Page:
Dover Street Market: a lesson in modern day retailing

24 May 2017 (Last Updated May 24th, 2017 18:30)

Dover Street Market (DSM) on London’s Haymarket is not for the fashion faint-hearted. The eclectic mix of designers, collections that push boundaries, and disruptive artistic outfit-building makes this fashion retailer, in our opinion, the coolest in the UK.

Dover Street Market: a lesson in modern day retailing

Dover Street Market (DSM) on London’s Haymarket is not for the fashion faint-hearted. The eclectic mix of designers, collections that push boundaries, and disruptive artistic outfit-building makes this fashion retailer, in our opinion, the coolest in the UK. This is where the style-setters of our capital go to ensure they are at the forefront of seasonal trends, making this an internationally-known iconic market place – and one that was rehomed a year ago from its Mayfair birthplace. With the wider trend of convergence between social spaces, lifestyle, wellness and retail, the high street can learn a thing or two from DSM to help recover floundering sales densities.

Stay relevant using flexible space

The 31,000 sq ft store is rooted by Comme des Garçons collections, the designer behind DSM’s creation, but imaginatively incorporates labels through flexible space and visual merchandising. As a prerequisite for having space in DSM, brands must excite customers through visual display, leading to an exhibition-style store that changes frequently. Twice a year the store closes for a refresh, making space for new labels, while designers also create limited edition pieces for the reopening. This leads to unique spaces in the store, which encourage loyal shoppers to return regularly and provide new customers an eye-catching browsing experience.

With the UK’s mass market department stores trying to use instore space more effectively, a lesson in creating flexible space and individuality between brands would undoubtedly lead to improved dwell time and customer engagement. It also allows for easier introduction and removal of brands, keeping space relevant, interesting and productive.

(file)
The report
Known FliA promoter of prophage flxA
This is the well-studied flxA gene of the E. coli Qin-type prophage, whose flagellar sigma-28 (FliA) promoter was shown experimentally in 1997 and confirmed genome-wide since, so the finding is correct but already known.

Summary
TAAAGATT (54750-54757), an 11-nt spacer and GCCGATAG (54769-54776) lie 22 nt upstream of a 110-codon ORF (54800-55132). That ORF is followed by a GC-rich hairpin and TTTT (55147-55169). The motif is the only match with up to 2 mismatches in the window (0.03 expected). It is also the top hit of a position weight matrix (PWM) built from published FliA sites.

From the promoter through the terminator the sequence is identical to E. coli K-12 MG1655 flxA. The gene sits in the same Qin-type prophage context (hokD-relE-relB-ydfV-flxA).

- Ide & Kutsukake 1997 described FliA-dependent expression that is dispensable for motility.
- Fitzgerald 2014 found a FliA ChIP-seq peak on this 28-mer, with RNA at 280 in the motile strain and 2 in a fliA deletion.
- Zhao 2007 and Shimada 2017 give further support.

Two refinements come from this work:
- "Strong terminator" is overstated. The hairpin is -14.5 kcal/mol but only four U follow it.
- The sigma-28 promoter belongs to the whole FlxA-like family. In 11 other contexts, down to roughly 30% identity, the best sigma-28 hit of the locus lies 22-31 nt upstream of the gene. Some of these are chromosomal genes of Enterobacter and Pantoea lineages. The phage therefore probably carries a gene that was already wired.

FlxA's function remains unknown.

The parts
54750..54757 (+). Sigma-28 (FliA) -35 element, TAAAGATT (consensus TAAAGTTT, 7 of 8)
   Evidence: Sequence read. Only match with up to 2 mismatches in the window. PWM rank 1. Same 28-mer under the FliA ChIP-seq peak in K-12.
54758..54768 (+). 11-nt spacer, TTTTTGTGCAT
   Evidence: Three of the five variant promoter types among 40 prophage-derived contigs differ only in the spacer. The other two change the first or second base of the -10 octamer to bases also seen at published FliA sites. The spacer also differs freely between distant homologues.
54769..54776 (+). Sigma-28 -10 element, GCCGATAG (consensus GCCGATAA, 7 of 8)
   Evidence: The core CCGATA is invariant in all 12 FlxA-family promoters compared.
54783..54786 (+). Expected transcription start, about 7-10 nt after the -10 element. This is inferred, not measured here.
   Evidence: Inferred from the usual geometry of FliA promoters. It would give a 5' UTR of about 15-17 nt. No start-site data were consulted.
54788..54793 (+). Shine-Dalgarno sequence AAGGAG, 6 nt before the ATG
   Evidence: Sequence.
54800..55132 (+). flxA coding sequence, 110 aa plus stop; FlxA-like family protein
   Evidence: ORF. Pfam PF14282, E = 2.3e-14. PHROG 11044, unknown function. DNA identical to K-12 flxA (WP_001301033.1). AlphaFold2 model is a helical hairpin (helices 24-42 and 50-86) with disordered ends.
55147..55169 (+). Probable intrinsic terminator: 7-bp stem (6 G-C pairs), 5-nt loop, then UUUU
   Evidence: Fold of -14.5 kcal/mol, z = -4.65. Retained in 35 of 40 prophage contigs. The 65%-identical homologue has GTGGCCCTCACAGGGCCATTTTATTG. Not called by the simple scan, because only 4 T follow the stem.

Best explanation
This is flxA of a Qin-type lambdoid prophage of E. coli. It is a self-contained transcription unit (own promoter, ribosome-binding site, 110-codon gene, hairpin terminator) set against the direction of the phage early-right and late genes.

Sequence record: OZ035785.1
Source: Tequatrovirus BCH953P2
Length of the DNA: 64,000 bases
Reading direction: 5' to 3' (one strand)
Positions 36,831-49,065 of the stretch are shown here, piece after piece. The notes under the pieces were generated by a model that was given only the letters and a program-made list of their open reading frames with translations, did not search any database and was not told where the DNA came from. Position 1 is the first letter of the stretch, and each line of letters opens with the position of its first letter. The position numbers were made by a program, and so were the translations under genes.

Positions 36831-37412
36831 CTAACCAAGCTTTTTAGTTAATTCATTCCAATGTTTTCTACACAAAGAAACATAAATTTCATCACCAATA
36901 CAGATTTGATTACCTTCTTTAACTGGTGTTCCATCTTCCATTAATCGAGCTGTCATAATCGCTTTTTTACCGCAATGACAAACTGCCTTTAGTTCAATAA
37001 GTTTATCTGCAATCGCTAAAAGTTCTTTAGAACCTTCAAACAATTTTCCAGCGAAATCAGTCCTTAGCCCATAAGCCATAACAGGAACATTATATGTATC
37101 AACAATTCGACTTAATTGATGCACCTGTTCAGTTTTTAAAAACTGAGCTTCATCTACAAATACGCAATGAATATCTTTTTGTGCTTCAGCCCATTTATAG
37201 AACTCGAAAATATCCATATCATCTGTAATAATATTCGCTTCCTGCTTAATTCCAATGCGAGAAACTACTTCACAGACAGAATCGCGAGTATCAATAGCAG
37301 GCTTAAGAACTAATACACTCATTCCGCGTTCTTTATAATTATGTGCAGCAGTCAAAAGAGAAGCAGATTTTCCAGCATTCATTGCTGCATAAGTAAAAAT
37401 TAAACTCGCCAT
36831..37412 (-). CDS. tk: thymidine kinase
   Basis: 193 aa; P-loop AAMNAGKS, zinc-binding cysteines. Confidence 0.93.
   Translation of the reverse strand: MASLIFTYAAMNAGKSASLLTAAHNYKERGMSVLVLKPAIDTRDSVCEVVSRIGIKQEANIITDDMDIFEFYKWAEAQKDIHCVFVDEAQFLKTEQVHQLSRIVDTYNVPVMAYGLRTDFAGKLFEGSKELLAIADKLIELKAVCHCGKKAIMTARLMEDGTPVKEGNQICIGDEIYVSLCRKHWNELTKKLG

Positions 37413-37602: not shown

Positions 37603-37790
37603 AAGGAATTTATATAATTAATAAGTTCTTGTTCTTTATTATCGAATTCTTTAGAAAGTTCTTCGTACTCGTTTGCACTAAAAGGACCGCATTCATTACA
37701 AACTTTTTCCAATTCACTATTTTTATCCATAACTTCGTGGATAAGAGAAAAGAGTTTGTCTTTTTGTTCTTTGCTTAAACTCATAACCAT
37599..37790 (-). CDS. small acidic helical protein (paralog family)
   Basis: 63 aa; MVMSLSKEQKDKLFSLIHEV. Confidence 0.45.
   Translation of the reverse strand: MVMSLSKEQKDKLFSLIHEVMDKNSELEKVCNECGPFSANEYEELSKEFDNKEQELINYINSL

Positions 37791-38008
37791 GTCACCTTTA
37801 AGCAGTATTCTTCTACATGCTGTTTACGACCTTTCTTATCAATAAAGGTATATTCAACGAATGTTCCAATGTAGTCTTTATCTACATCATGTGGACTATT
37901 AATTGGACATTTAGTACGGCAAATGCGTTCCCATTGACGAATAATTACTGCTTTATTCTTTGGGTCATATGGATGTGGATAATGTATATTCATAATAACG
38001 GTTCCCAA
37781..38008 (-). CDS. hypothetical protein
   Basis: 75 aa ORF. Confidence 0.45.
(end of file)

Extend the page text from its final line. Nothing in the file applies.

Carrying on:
Set the tone with creative visual merchandising

Set over five floors, with a spiral staircase through the core of the building, the props and effective lighting – some areas had what could be described as stylish acrylic lightsabres hanging from the ceiling – provide each level at DSM with a different atmosphere.

Retailers have an opportunity to allow their visual merchandising teams to be more creative. Stimulating space does not need to be expensive, but it must be effective and evocative of the brand, seasonal trends or mood.

Embrace social space to stimulate brand engagement

Meanwhile, DSM customers are greeted when they get to the top of the listed building with Rose Bakery – a modern, utilitarian designed space made inviting by fresh cakes and salads, coffee table books and a roof terrace. This is an area for networking, informal business meetings or lone pondering – all welcome but all feel connected to the space and the cult brand.

We have seen far more incorporation of social space in retailers on the high street, but there are opportunities for better linkage between the wellbeing and lifestyle trend. Cyclewear brand Rapha in Soho has a clubhouse café, Burberry and Hackett, both on Regent Street, have Thomas’ Café and the Beefeater Bar respectively, and even the new H&M fascia Arket will house a Nordic café. Each concept carefully thought through and targeted to the needs of their core customer to stimulate brand connection – not just a Starbucks or Caffè Nero to help improve dwell time and take up unused space.

Train staff members to elevate the customer experience

Though the product is out of reach for many in DSM due to the luxury positioning of most of the brands stocked, it provides inspiration for fashion and style-led consumers in an unpretentious, welcoming environment. Staff are as happy for you to mooch, photograph and touch as they are to personal shop for you – all staff members are trained to identify shopper traits on whether the customer will want help or prefer to be left alone: a training tool the luxury fashion houses, and the mass market, could benefit from. In this premium environment, it is customers rather than staff that intimidate, in their enviable, sometimes radical, styling.

As consumers continue to shift towards engaging lifestyle experiences where the boundaries merge with retail, the high street must learn from the best in class and leverage space to improve productivity.